by Saskia Basa
There is no question that the push for inclusion of women in security and defense sectors is gaining traction. In the 21 years that followed the UN Security Council Resolution 1325, over 80 countries have released national action plans to increase representation of women in peacebuilding and security sectors. Despite great evolution in the Woman, Peace and Security agenda, it has not escaped criticism over the omission of an intersectional perspective, which recognises how gender interacts with other identity markers such as sexual orientation, gender identity, socioeconomic status, skin color and ethnicity.
MEP Hanna Neumann has been leading attempts to advance this perspective at the European level, launching the second edition of the Shecurity Index in coalition with a group of civil society organisations, looking at the representation of women in security and defense sectors. In its 2021 edition, the index featured women of color and LGBTQI+ women, revealing stark underrepresentation of these groups due to additional barriers and obstacles. Despite attempts to move ‘beyond representation’, the focus of the index still relies excessively on quantifying the presence of women in security and defense sectors, making demands that are primarily based on representation: “Peace needs women. More and fast.”
While these efforts to increase representation are welcome, we should be cautious to rely exclusively on representation politics to articulate our demands. We need more and diverse women in the peace and security sectors, but most importantly we need feminist perspectives. By feminist, I mean intersectional perspectives which help us imagine new peace and security systems that support the emancipation of all from the moral tyranny of war, irrespective of gender, class, race, sexual orientation or identity. As QCEA states in its guide on Gender & Inclusivity in Peace & Security, gender matters to peace and security because of its transformative, rather than reformative power.
More women peacemakers, and peacekeepers and peacebuilders are needed, yet we should be careful in collating peace, security, defense and foreign policy together. Albeit at times these sectors work hand in hand and have overlapping instruments, they have quite distinct mandates and thus the ability of women leading transformative change in these institutions differs greatly. While it is valid that women, racialised, lesbian, gay, bisexual, trans and intersex persons demand fair representation in ‘enforcement’ institutions including the security forces, the military or the police, history teaches us a thing or two about the cooption of oppressed groups to legitimize existing power imbalances.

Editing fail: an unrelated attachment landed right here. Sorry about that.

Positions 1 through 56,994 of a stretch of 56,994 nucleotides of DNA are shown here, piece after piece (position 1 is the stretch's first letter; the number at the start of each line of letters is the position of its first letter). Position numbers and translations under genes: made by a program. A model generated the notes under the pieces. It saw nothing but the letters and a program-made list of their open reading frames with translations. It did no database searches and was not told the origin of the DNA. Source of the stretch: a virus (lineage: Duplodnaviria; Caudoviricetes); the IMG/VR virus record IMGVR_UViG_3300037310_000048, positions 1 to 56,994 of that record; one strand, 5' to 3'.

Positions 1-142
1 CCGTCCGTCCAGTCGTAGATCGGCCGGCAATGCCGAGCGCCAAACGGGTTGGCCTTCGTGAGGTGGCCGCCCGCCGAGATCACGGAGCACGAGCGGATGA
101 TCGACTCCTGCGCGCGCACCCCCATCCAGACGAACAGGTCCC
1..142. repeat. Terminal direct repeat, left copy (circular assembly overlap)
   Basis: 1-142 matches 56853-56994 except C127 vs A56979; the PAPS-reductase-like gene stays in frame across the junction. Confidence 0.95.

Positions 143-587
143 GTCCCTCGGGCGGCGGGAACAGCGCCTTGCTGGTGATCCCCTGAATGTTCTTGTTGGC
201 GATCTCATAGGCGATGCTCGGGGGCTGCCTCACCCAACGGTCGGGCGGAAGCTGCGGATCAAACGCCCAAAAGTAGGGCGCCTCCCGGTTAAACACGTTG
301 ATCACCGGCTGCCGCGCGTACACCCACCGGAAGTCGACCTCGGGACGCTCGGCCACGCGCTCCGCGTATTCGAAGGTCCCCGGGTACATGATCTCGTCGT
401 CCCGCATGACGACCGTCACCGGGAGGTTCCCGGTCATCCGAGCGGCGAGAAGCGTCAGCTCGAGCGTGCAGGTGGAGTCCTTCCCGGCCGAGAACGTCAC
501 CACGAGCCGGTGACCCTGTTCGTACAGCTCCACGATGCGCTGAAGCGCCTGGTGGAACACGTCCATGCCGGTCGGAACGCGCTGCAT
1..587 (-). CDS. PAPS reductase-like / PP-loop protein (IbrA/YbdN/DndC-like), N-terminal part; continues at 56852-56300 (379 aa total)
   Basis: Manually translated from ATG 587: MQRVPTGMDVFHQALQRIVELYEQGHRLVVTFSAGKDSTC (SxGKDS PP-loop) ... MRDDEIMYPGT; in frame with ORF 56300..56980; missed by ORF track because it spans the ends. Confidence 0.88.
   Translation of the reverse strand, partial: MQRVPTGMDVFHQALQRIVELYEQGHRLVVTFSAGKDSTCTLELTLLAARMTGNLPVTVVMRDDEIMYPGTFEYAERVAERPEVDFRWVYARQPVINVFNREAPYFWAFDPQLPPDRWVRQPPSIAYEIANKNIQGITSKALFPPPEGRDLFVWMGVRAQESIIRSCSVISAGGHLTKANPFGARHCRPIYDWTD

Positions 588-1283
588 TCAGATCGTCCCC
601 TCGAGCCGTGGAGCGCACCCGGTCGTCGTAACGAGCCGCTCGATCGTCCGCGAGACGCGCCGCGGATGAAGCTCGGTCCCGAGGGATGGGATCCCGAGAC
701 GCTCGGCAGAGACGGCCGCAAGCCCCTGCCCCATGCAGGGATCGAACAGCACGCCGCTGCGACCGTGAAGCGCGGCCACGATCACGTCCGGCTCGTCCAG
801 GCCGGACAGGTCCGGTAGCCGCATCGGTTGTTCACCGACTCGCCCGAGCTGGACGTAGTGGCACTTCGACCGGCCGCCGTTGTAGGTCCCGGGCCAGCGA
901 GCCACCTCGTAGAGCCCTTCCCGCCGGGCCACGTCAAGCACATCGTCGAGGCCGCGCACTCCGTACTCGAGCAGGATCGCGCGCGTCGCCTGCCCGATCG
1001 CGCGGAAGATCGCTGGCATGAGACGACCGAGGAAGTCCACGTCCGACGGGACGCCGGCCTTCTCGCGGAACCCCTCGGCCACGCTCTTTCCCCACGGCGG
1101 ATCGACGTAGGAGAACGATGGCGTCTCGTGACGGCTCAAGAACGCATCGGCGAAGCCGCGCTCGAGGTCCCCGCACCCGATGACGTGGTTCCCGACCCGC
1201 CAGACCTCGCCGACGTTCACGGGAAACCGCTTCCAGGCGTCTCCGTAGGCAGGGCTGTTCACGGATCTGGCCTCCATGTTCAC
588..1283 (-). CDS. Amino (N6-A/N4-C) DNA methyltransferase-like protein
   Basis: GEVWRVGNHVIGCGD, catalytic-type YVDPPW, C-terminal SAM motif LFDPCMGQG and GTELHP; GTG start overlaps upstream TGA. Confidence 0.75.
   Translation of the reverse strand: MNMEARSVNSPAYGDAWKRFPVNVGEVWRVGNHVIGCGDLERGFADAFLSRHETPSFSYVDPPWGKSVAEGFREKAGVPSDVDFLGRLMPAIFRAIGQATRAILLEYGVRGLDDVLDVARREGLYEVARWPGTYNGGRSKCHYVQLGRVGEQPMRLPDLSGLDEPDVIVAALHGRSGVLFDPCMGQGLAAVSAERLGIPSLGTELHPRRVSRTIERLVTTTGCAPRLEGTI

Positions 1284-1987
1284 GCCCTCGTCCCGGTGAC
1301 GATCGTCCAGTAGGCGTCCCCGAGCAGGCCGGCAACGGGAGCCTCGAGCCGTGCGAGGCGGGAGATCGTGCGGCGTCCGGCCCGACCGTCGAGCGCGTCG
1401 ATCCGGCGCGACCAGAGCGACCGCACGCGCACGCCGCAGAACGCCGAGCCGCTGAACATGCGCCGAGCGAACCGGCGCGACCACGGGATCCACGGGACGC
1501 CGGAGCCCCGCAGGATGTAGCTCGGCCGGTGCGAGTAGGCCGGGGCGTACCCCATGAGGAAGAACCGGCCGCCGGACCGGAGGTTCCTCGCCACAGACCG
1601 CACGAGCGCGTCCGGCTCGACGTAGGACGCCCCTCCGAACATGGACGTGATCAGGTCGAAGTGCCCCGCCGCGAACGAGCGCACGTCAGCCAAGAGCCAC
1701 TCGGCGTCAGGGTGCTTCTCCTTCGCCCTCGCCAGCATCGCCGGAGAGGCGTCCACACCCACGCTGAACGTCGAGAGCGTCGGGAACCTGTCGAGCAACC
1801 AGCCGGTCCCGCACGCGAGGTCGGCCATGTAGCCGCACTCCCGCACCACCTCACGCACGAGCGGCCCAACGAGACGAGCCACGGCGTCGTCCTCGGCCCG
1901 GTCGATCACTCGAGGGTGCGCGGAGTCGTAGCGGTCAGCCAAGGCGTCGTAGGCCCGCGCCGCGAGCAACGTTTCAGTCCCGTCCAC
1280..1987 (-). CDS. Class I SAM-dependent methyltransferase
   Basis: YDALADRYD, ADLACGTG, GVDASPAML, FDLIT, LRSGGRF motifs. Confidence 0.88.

Feminists have learned this the hard way, watching a coalition of western powers frame the military occupation of Afghanistan as a feminist imperative, a necessary move to ‘save Afghan women from Afghan men’. This is just one example of how feminist claims can be instrumentalised to further advance the power of the state and the impunity of their operations abroad. These strategies are popularly known in feminist thought as purplewashing. A related term, pinkwashing, was coined to describe how states legitimise military intervention and oppression of marginalised groups in the name of LGBTIQ* rights, with homonationalism being the framework that allows them to do so. Homonationalist discourses are already visible across the EU, with LGBTIQ* persons being increasingly included in political parties, institutions and social movements that endorse xenophobic, islamophobic or anti-immigration policies.
We should be wary that homonationalism increasingly makes LGBTIQ* claims vulnerable to cooption, and by simply asking for more representation of women, LGBTIQ* and people of color, we might inadvertently be legitimising institutions that operate at the expense of marginalised communities. Particularly, one should reflect on whether it is helpful to demand representation in institutions such as the military, which often works to the detriment of peace, fueling conflicts that primarily victimise black and brown populations, especially women of color and LGBTIQ* people living in the Global South. The example of Israel, a country that prides itself of having the most inclusive military for women and LGBTIQ* persons, shows that rainbow militaries would not necessarily bring us closer to peace. On the contrary, they would reinforce a system in which militarised responses to conflict gain territory over civilian-led, regenerative approaches. Under the pretext of promoting more diverse military forces, resources may be diverted from civilian responses towards militarised ones.
The bottom line is that we need more women in security and defense sectors insofar as this representation leads us to radical systemic rethinking, to profound transformation. Otherwise, women, LGBTIQ* women and women of color will continue to be used as tokens to perpetuate the status quo. Looking forward, it is essential that we reimagine security and defense so that they truly serve communities everywhere. A new horizon and way of thinking has already emerged, with a number of groups attempting to articulate a new concept of security not based on militarisation, zero-sum games or realist geopolitics, but on what truly makes people feel safe, protected and free of fear. We will only be walking the path towards lasting peace when we come to a shared understanding that providing robust social services for all is the best conflict prevention tool, and that nonviolent, civilian responses to conflict should always be prioritised.